The Smile Of A 4 Year Old (or “Why I Crochet”)

When folks find out I crochet, I quite often get a smirk or even an audible “What?”.
I don’t think, these days, most people realize that guys crochet and knit and craft too.
As I said in the “About Me” page here on Wired Yarn, I grew up in a family of crocheters and quilters. I’ve crocheted since I was a kid. Crocheting, to me, is family. It ties me into my heritage and reminds me of those no longer with us.

This last November, though, I received the ultimate validation for my efforts in yarn.
I had spent several weeks, verging on months, working on an afghan for my niece’s 4th birthday. Her favorite colors are pink and purple, so I went with a simple straight double crochet, alternating colors every six rows. I thought it would never end!

However, all my frustration at how long it took the day of her birthday party, when she pulled her afghan out of the bag, said “I Love It.” and smiled.



How Tues…er Wednesday: Scrappy Squirrel

You caught me. I forgot to post my How-to yesterday. Considering I knew what I wanted to share, I have no excuse, other than Tuesday is NCIS day. I get very distracted by NCIS.

Last week Rick asked me what to do with scraps after cutting out a pattern. If you’re a crafter you know what I’m talking about.  Nowadays people buy fabric to color coordinate their quilts, but once upon a time, people used the scraps to make quilts. The quilt on the bed in DS3’s room is a scrap quilt that DH’s grandmother pieced. My mother-in-law recognized some of the pieces as we quilted it together.

Scrap quilt

When I hit the Google for some ideas, I ran across this quilt pattern that uses strips rather than squares. Great use for long, narrow pieces left after cutting out a sewing pattern. Fabric scrap banners are also another good use for those. I also found this link with ideas for using fabric scraps. The geek in me loves this idea to cover binder clips. If you wonder why you’d want to use a binder clip for anything other than clipping binders, just look here.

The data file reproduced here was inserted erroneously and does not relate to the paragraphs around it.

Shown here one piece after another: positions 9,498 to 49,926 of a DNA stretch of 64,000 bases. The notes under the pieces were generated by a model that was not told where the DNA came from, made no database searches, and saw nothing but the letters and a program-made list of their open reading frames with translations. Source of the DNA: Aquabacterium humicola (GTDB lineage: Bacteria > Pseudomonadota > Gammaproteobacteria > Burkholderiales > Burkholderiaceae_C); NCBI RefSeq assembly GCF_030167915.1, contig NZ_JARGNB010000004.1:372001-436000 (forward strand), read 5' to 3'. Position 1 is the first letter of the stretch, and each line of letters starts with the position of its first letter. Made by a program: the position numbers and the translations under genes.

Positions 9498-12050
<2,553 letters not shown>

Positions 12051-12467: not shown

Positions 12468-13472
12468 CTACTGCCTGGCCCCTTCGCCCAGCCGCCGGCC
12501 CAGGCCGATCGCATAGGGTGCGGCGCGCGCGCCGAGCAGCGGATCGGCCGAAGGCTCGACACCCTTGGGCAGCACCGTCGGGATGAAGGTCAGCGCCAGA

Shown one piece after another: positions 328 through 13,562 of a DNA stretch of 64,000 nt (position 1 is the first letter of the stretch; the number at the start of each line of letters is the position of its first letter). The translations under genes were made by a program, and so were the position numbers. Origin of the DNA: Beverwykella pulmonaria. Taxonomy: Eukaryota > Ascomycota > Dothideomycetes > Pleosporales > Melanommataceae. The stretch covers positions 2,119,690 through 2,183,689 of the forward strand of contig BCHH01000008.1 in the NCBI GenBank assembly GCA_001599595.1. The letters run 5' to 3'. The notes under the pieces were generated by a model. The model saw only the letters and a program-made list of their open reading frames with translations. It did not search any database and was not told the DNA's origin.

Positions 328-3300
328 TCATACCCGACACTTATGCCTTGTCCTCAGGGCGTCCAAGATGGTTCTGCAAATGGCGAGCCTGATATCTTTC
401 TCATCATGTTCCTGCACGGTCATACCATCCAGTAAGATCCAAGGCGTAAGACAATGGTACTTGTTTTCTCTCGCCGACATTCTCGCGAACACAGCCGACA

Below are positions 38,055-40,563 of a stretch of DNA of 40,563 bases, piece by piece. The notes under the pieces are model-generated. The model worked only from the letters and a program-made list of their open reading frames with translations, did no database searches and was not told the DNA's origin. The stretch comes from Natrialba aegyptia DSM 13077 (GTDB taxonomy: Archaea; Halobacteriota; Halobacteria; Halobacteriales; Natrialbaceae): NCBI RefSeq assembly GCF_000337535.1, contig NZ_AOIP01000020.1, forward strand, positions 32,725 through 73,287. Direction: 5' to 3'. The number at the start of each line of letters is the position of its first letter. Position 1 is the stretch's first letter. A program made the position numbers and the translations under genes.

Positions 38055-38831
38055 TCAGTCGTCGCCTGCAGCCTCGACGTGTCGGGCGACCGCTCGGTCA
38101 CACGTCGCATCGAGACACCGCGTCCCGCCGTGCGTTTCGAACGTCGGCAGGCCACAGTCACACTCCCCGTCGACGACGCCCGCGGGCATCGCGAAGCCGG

As a knitter, its just as hard to toss bits of yarn as it is for the sewer in me to toss bits of fabric. I’ve used them for:

Once again, hit the Google and see what kind of trouble you can get into. Now we just need storage ideas. How do you store your yarn or fabric scraps?

Feel Young Again.

I’m supposed to be writing about my projects. Like these really cool socks I’m working on for my March KAL.

Laurel Hurst sock  or how much I love the heel flap. Laurelhurst heel flap

But the literature geek in me is only thinking of 2 things.


It’s sad that I only started reading the Harry Potter books recently. I’m completely hooked, but part of me is already longing to move on to the Baroom books that John Carter was based on. If you haven’t seen John Carter, make a point of catching it before it leaves the theatres.

I know. I know what you’re thinking. It looks like a mash-up of a bunch of sci-fi movies you’ve already seen. What you may not know is that John Carter came before Star Wars, and Avatar, and Dune. It was written in 1917 by Edgar Rice Burroughs, the same man who brought us Tarzan. And fortunately for us, Burroughs seemed to enjoy writing stories about men in loincloths.


When I came home from seeing the movie, I wanted two things. First, to have my sons with me so we could have one of our old-fashioned discussions about the merits of the film. I have no doubt we’d be discussing who stole what from Burroughs. Second, I knew I had to read the books. Reading would be the definitive way of identifying what parts inspired the stories that came after these books. Right away I saw Star Wars and Avatar had been influenced heavily by Burroughs’ Barsoom. Carter’s exploration of Barsoom (Mars) was in some ways very similar to Ransom’s exploration of Malacandra in C. S. Lewis’ Out of the Silent Planet. Even more there is a very Braveheart moment and there are characters very similar to The Watchers in Fringe.

When I mentioned these things to my sons in the far-off lands of Texas, I was presented with this. “How John Carter Made Me Young Again.”  Yes, yes, yes. This is exactly how I felt about the movie. It’s a heroic tale. It’s a space epic. It’s…it’s…it’s just what I needed. See the movie. Read the book. Feel young again.